Law & Order: A Necessary Process?
Are we obligated to report all crimes to the police?
Brought to you by Liberty Mutual's
The Responsibility Project
A stranger steals your personal property. Instead of reporting the theft to authorities, you confront the suspect yourself. Your possessions are returned. You bypass the inconvenience of a police investigation and court appearances, and the offender goes without punishment.
But did you also bypass a responsibility to work within the justice system?
A Florida newspaper reporter observed just such an extra-judicial bartering session between a victim and a thief at the scene of the crime, which, ironically, was a Tampa courtroom.
The victim--whom the reporter referred to as “Pinstripe Suit”--was 52 and in court for a case involving her son. She briefly stepped out of the courtroom, leaving her keys and cell phone behind. When she returned, the keys and phone were gone, and Pinstripe’s seat had been taken by a 25 year-old woman wearing a red velour sweatshirt.
“Red Velour Sweatshirt”, as the reporter dubbed her, denied having seen Pinstripe’s possessions. So Pinstripe walked to the back of the court room, borrowed a cell phone, dialed her own number, and followed the sound of her buzzing phone--in Sweatshirt’s pocket.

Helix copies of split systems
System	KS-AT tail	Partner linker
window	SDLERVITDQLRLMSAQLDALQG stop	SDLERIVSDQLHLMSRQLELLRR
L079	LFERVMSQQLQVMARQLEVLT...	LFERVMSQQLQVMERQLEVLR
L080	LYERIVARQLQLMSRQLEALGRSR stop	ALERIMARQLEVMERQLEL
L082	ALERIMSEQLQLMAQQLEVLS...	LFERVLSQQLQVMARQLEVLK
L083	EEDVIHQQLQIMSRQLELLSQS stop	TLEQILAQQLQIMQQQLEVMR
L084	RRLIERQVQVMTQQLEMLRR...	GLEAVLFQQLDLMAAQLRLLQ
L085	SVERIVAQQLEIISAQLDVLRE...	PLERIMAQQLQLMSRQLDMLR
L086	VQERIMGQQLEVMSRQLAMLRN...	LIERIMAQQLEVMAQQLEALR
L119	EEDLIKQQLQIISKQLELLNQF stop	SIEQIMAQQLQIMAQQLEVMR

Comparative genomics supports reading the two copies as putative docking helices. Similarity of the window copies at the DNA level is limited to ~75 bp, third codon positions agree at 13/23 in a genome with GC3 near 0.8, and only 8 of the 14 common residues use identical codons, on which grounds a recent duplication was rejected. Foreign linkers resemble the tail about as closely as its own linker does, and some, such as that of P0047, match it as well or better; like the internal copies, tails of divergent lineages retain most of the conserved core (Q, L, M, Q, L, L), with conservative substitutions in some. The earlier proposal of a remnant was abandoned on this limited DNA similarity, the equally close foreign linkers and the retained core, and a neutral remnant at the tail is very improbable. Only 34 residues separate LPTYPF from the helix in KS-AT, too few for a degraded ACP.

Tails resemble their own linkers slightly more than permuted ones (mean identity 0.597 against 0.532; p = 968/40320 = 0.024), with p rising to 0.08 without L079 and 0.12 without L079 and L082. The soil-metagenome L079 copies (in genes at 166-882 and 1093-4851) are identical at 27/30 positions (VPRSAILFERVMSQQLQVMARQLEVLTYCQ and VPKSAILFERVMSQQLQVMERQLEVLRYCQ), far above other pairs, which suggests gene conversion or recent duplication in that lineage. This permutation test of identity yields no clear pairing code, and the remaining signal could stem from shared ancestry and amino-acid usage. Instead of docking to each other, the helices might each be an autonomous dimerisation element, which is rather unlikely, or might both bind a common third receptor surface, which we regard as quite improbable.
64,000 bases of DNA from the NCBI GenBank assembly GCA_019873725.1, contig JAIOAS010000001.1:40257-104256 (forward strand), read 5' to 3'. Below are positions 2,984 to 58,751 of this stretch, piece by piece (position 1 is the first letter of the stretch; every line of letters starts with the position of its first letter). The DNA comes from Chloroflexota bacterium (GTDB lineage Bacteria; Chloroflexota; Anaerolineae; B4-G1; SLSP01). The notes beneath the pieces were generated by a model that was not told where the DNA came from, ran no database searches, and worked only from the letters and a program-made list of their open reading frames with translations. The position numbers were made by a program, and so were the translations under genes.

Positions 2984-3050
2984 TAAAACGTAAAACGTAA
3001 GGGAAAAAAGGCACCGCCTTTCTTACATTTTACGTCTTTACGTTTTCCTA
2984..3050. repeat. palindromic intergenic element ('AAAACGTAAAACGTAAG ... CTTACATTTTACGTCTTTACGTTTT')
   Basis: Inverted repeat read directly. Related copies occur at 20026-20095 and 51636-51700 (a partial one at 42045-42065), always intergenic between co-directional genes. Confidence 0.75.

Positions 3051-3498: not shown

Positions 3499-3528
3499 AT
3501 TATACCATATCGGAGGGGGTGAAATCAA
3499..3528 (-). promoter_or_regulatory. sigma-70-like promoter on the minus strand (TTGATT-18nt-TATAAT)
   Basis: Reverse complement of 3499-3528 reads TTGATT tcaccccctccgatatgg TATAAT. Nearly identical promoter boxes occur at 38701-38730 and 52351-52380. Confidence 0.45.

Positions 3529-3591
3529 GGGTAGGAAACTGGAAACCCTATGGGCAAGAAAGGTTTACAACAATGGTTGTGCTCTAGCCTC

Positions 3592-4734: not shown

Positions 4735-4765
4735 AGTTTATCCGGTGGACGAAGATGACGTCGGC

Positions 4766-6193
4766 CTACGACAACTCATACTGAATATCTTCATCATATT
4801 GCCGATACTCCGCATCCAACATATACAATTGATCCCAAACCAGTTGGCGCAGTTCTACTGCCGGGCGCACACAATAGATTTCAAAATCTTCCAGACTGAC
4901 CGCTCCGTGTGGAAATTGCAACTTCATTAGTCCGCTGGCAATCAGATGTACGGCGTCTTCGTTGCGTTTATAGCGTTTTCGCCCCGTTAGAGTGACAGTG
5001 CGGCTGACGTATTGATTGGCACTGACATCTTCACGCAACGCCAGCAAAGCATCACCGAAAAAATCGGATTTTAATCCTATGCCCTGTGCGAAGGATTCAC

Pinstripe plucked the phone out of Sweatshirt’s pocket. Two sheriff’s deputies watched but did nothing.
According to the reporter, Pinstripe then leaned over Sweatshirt and whispered, “I am going to have you arrested if you don’t give me my keys.”
Sweatshirt replied, “I don’t have them.” Pinstripe then parked herself on the seat next to Sweatshirt and waited. And waited. Until finally Sweatshirt pulled a gold Lexus keychain from her other pocket. She dropped it into Pinstripe’s lap and said, “I have enough problems already.”
Noticing that Sweatshirt had started to cry, Pinstripe hugged her and said, “Everything will be all right. Bless your heart.”
Afterwards, Pinstripe told the reporter she didn’t turn Sweatshirt in because she didn’t want her to go to jail.
Sweatshirt already had one arrest for theft, at age 16. Now at 25, she was in court fighting her second arrest, a child abuse charge.
Tell us what you think: Did Pinstripe do a favor for Sweatshirt, or a favor for herself? Was this an act of kindness, a disservice to the justice system, or something else? In similar circumstances, what would you have done?